The world has already seen a sharp increase in such “natural” disasters – from about 100 per year in the early 1960’s to as many as 500 per year by the early 2000’s, said Daniel Sarewitz, a professor of science and society at Arizona State University.
But it is not that earthquakes and tsunamis and other such calamities have become stronger or more frequent. What has changed is where people live and how they live there, say many experts who study the physics of such events or the human responses to their aftermath.So, from this perspective, the problem is largely a matter of population growth and distribution. But along with population growth has come an ever-increasing burden on the environment, bringing about changes in the climate. The Guardian notes that:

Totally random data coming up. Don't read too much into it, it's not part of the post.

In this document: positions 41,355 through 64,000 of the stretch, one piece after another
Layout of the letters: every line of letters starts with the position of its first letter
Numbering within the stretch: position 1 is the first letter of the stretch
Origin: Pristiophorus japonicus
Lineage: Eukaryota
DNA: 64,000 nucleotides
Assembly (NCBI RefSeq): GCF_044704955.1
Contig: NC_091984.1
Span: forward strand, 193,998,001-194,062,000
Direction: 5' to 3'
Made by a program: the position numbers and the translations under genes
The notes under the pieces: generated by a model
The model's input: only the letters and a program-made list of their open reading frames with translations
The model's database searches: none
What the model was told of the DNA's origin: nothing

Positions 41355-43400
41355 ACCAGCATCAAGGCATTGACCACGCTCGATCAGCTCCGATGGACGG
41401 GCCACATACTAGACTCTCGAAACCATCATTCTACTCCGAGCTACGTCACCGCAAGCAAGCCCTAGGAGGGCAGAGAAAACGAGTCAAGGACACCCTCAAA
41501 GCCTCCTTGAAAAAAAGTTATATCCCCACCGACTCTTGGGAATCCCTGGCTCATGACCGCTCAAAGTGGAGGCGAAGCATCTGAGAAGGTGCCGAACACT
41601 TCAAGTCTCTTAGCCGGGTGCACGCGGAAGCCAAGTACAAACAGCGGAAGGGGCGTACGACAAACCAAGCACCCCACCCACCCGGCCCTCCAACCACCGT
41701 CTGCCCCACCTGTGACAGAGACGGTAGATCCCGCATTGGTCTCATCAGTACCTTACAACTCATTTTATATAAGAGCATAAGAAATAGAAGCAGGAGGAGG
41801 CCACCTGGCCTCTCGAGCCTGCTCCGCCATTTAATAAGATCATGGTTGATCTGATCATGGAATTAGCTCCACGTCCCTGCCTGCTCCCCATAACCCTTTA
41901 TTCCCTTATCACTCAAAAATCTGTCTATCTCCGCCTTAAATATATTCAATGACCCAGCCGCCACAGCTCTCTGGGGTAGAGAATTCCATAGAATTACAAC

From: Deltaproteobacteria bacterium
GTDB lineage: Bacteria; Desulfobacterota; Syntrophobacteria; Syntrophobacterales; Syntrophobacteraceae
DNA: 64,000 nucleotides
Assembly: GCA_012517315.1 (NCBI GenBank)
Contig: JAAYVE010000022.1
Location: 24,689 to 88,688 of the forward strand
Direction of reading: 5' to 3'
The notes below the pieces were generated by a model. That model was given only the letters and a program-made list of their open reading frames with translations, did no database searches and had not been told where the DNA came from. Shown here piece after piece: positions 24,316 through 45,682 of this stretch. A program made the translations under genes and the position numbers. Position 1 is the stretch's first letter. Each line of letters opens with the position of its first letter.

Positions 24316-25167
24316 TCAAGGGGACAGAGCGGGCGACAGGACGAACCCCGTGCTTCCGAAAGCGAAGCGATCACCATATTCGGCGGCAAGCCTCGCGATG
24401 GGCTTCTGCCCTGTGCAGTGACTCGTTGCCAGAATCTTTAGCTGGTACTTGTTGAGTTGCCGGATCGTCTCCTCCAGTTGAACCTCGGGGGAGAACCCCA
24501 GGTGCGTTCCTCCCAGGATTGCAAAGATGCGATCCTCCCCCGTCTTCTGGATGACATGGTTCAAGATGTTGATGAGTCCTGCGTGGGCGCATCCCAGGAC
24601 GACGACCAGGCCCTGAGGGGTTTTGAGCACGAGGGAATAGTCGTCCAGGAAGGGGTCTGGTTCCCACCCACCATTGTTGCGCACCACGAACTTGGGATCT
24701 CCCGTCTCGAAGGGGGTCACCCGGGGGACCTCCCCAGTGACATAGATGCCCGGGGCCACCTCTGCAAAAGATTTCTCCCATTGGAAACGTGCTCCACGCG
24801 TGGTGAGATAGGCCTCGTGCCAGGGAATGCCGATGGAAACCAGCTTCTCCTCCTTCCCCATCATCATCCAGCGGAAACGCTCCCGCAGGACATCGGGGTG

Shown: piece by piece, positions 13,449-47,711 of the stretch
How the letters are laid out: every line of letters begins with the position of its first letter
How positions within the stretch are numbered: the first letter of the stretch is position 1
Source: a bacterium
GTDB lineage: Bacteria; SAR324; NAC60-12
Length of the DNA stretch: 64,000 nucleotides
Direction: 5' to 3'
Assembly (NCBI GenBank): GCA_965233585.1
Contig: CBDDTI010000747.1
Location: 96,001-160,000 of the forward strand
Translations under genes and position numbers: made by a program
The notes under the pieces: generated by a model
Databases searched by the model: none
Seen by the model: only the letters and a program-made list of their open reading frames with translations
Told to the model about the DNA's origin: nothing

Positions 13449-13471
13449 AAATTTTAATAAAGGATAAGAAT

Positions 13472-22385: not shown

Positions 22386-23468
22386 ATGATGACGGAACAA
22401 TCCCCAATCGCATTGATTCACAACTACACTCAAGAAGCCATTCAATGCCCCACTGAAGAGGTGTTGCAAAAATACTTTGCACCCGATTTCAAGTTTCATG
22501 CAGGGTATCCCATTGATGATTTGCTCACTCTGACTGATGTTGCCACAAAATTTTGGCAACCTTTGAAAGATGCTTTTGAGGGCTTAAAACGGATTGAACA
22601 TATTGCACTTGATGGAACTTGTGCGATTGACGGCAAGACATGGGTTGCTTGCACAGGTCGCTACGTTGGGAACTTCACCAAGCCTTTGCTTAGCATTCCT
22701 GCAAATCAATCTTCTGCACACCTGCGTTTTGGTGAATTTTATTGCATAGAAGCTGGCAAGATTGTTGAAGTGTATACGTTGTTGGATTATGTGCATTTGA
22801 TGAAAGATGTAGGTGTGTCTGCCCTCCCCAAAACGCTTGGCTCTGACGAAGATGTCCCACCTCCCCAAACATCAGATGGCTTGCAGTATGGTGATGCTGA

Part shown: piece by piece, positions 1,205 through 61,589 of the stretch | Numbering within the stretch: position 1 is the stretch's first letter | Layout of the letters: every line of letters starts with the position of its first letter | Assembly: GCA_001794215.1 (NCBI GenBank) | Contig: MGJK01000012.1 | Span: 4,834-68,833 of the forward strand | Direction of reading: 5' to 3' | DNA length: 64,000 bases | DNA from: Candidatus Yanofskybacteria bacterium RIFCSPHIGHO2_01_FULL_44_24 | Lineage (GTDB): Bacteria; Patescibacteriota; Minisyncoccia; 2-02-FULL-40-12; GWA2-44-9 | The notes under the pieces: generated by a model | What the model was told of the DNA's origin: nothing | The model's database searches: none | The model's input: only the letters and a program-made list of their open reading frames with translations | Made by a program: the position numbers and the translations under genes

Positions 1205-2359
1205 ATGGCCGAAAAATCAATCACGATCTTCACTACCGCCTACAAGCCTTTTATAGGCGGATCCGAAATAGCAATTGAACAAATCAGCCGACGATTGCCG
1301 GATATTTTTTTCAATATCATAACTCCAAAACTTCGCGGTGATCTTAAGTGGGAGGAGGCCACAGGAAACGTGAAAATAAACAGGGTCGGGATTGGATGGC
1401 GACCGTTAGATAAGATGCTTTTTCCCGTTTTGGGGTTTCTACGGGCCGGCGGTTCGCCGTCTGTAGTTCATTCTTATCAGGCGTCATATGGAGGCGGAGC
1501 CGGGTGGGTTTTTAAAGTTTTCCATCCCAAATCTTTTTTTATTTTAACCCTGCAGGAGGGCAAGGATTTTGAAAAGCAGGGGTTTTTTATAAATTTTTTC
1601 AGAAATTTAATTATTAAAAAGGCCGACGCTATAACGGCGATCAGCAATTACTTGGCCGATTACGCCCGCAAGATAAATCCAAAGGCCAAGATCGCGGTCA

The appearance that these storms are getting bigger and more damaging reflects rapidly deteriorating climatic trends. The five most devastating typhoons ever recorded in the Philippines have occurred since 1990, affecting 23 million people. Four of the costliest typhoons anywhere occurred in the same period, according to Oxfam.
The inter-governmental panel on climate change says mean temperatures in the Philippines are rising by 0.14C a decade. Scientists are also registering steadily rising sea levels around the Philippines, and a falling water table. All of this appears to increase the likelihood and incidence of extreme weather events, analysts say.And Chris Hayes on MSNBC had a segment today in which a guest tied the two together--demographic trends and climate change are almost certainly jointly behind the rising power and devastation of these storms.